We are willing to dedicate our time, commitment and money because there is a higher purpose; the companies’ continuity or our job and income.

But similar to the attributes mentioned before; physical strength, authority, status and money, technical skills also have their limits.

What can you do with technical skills alone when it comes to sales training, handling emotions, delegating, and stepping back to allow a younger generation to take up more responsibilities?

Technical skills can still be helpful, think of phone scripts for sales training, but are often not sufficient to improve one’s social skills to optimize client experience without harming the companies’ interest.

This is where adaptive skills enter the picture, which translates to improving one’s mental and social skills.

Whether in our personal or professional life, it is the most difficult area to make changes.

Learning a new technical skill is fairly easy. Concentration and repetition are in most cases enough to ingrain new brain patterns and establish a desired way of thinking and behaving.

Improving one’s mental and social skills leading to adaptive changes is far more difficult.

We find out about this when we recently decided to control our emotions better, delegate more or give a younger generation the possibility to express and implement their ideas…

…but realize that our behavior is causing the opposite results of what we rationally considered as wise.

Apparently, more than that we want the change to happen, we want something else even more. Clearly, a bigger commitment interfered and dictated our behavior.

If we want to implement the change we decided to make, we first have to bring that bigger commitment to the surface because you can’t create a solution if you don’t have a clear picture of what is causing the problem.

The reason bigger commitments dictate our behavior, wanted or unwanted, is that they invariably linked to built-in survival instincts that serve to preserve the status quo, in other words, to hold on to what is familiar and known and therefore safe.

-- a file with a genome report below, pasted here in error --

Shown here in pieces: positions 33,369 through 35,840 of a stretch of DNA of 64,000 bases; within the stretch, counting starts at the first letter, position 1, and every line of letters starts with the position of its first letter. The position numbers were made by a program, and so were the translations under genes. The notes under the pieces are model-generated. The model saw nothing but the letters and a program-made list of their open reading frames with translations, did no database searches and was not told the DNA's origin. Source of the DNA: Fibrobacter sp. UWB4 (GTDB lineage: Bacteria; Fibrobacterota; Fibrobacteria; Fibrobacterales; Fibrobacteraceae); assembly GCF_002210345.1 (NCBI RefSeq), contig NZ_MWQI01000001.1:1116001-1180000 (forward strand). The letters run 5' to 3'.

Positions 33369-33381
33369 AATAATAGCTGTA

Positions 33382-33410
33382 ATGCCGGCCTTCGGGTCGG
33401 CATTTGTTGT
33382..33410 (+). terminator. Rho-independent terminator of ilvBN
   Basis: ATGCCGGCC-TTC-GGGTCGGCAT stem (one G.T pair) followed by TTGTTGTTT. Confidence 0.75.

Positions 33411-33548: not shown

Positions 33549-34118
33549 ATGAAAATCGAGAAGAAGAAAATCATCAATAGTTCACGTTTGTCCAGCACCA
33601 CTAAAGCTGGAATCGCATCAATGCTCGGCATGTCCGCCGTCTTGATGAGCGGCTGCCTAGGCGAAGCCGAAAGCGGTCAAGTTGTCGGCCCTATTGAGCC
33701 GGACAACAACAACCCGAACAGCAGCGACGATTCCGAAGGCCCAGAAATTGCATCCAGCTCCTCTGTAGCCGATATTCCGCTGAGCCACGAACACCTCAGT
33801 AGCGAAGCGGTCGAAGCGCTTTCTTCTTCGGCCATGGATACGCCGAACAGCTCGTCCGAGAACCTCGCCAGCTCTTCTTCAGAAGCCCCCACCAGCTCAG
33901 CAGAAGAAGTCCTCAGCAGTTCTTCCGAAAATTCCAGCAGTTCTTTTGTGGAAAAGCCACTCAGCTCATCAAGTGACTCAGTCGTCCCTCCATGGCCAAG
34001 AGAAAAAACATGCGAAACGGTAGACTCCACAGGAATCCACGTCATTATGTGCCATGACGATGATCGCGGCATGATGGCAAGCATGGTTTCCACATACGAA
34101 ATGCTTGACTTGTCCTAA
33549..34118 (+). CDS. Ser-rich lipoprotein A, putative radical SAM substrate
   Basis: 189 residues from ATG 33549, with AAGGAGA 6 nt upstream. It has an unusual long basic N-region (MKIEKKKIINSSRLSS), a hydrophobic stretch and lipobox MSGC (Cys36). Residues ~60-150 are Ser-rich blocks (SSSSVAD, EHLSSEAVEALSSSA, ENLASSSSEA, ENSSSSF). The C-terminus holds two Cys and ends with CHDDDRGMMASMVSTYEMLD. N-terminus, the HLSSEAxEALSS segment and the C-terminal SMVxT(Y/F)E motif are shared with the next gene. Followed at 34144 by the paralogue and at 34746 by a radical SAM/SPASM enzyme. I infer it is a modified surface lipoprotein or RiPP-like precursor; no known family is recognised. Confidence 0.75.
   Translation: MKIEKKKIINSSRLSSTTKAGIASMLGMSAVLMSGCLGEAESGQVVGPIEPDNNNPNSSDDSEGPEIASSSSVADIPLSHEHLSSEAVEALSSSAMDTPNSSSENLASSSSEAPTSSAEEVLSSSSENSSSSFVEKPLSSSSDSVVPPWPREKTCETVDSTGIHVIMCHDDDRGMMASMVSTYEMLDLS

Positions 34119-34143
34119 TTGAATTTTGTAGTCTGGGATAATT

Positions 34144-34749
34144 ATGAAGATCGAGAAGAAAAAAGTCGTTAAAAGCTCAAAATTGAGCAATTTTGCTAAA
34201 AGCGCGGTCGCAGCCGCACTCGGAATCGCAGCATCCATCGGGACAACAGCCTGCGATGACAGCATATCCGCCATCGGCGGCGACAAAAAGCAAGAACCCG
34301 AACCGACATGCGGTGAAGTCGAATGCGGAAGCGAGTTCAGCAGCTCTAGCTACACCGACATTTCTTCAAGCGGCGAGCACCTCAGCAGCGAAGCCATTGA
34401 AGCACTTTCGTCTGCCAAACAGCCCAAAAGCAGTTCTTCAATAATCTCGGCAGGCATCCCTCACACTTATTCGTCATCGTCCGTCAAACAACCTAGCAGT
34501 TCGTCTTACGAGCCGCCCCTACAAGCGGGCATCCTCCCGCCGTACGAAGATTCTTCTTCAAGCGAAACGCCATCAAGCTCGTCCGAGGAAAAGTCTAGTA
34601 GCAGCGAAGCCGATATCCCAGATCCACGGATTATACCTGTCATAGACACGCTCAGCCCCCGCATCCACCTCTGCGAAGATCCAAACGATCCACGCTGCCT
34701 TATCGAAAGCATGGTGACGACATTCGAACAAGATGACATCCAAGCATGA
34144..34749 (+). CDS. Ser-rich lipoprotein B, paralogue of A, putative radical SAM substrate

You can tell someone or yourself to eat less and move more, to act less emotional, to delegate more, to be nice, to allow younger employees to fail and learn, to be more patient with the kids, be a better listener, think more from your partner’s or someone else’s standpoint…

…but for that to happen, you need to grab your searchlight first and identify your higher commitment that frustrates the positive change you want to make.

Unfortunately, this is not something you can do overnight or realize with training sessions that last a few days or weeks and predominantly focus on improving one’s technical skills.

Fact is, this is what most companies and people worldwide do with the result that billions are wasted that could and should have been spent elsewhere.

If we want to keep up with a society that becomes more complex every year, we have to be willing and ready to improve our mental and social skills with tools and techniques that are specially created to do so.

Guess what, it can be a very rewarding and even a pleasurable journey, especially when you and the people around you begin to notice positive changes such as becoming more creative and productive and more enjoyable to have around.

An extra benefit for you is that it can save you from physical, mental and emotional pains that frequently lead to the common life-threatening diseases we are all so familiar with.

As a motivational speaker, coach and change expert, I help men and women, especially those on the threshold or in the midst of the second phase of their lives, with tools and techniques that reduce stress and allow the flow of relaxed focus to create the life they want for themselves and those they care for.

If this is something you want for yourself, for someone else or for people you represent, then your first action is to go to scroll down on this page and send me a message. The next step is that I’ll contact you to explore how we can work together.

Talk to you soon.

Patrick.